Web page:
• Initial experiences were used to plan and implement a new Lean production area and self-managed work team.  This area became the prototype for all future production.
  • Lean requirements for suppliers were negotiated into agreements so that small, frequent shipments and consignment inventories became the norm.
  • The facility had a yearly improvement plan that specifies projects to be conducted and their expected results.  The ability to work in cross-functional teams and continuously review results against plans had become standard practice.

Results

Looking back at the improvement effort, we found that in less than two years the plant achieved the following results:

Measurables: at project start and three years later …

Safety, Health & Environmental

– OSHA recordables: from  11/year  to 0/year

– Hazardous waste produced: from 7,675 lbs/year to 2,900 lbs/year

Quality

– Batches right first time: from 89% to 93.4%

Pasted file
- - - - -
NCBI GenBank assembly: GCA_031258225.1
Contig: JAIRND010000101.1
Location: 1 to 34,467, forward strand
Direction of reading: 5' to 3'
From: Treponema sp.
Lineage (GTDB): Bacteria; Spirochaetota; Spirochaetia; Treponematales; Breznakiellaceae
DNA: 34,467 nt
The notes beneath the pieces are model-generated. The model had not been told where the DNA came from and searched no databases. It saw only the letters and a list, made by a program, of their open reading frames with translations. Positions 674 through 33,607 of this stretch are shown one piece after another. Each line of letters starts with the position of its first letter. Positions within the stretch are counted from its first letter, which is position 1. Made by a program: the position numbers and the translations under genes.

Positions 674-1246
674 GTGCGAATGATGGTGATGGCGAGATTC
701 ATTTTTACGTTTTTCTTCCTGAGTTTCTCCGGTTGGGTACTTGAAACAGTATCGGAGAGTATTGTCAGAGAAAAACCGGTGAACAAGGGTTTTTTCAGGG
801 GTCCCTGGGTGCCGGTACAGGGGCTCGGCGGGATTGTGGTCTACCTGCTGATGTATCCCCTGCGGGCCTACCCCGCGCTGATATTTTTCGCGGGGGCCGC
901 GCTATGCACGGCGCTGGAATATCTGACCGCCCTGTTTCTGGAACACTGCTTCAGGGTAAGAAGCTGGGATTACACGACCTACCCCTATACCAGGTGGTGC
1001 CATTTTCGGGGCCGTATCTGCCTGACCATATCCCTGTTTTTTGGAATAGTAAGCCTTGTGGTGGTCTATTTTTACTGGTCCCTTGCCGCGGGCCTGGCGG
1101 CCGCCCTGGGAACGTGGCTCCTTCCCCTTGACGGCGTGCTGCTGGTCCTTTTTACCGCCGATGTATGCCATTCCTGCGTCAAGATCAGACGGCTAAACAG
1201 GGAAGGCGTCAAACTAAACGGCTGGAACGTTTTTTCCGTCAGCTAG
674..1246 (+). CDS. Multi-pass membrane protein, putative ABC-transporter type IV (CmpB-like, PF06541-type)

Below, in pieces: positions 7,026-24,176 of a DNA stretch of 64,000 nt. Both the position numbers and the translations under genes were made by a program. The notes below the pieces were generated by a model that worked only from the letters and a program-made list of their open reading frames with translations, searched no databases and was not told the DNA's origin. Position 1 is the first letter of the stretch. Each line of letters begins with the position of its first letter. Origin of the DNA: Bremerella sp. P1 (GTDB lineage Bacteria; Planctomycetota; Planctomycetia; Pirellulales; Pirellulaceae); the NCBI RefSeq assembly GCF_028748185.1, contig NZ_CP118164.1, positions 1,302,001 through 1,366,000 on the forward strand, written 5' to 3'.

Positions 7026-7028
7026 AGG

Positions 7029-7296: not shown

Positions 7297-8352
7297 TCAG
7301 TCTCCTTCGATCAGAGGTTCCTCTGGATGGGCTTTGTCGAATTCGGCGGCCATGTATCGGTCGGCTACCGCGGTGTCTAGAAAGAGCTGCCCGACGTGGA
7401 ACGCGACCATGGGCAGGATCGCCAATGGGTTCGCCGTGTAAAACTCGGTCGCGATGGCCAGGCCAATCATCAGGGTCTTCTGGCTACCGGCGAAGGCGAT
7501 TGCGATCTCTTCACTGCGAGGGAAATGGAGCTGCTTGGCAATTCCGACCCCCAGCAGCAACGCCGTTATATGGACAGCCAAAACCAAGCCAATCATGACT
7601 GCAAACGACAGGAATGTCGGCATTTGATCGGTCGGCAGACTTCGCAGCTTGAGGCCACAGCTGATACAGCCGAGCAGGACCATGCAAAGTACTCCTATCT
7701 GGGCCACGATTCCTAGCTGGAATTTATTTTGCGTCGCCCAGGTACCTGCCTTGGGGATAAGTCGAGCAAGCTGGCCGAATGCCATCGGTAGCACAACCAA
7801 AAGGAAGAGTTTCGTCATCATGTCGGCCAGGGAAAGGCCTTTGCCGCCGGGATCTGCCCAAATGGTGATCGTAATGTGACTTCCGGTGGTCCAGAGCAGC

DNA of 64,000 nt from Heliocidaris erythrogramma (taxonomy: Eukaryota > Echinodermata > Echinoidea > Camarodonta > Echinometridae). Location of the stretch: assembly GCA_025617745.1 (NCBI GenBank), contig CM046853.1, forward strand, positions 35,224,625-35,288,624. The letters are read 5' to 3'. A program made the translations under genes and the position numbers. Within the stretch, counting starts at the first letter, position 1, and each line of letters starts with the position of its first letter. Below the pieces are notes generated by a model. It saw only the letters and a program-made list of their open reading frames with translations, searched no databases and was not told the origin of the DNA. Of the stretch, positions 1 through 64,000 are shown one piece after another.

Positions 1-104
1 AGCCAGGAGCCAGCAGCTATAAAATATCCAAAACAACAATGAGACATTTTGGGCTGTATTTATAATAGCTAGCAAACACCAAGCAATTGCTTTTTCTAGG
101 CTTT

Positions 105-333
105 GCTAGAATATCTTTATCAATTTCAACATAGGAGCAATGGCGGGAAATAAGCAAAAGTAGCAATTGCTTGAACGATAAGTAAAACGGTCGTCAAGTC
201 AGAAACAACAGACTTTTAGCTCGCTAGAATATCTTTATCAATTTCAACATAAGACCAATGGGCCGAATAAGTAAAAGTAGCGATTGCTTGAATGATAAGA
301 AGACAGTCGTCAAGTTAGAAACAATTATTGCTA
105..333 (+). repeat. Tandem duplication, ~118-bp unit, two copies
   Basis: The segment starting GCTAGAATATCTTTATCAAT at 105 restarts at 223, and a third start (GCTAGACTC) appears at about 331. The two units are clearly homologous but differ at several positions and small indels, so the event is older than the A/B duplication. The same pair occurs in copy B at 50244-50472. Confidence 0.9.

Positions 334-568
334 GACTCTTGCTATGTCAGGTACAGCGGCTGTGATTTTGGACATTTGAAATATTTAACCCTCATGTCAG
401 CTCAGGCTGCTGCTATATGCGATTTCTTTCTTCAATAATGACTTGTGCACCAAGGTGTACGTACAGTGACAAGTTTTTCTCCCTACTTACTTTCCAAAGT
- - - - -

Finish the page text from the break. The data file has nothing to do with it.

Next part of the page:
– Customer issues per million: from 1,900 to 1,100

Productivity

– Batches per operator/year: from 154            232

– Number of operators: from 48 to 45

Delivery

– On time in full shipments: from 92% to 96.8%

– Order to delivery lead time: from 15 days to 5 days

Financial

– Working capital as % of sales: from 21.3% to  9.9%

– Inventory turns: from 4.5 to 16.9

 

Making Change Easy by Engaging the Whole System

In this plant as well as in the other two manufacturing settings I mentioned earlier, the success of the effort came through the real engagement of the whole system in a continuing dialogue about what they knew and how they thought about improvement.  Change was not always easy and some managers and departments would resist new ways of working.  In time, however, even the “late adopters” saw the impact of actions by their colleagues and began to change their own actions.

Throughout the process, our role as consultants was to facilitate learning from the system’s own actions.  This is very different from the consultant as “expert” who diagnoses the problems and prescribes solutions for others to adopt. This later approach increases resistance and, at best, creates compliance but not true commitment to improvement.  When the system as a whole can learn from its actions and build a shared responsibility for improvement, the changes become broader, deeper and more lasting.

 

 

 


[1] I was working with Jim Van Patten who led this effort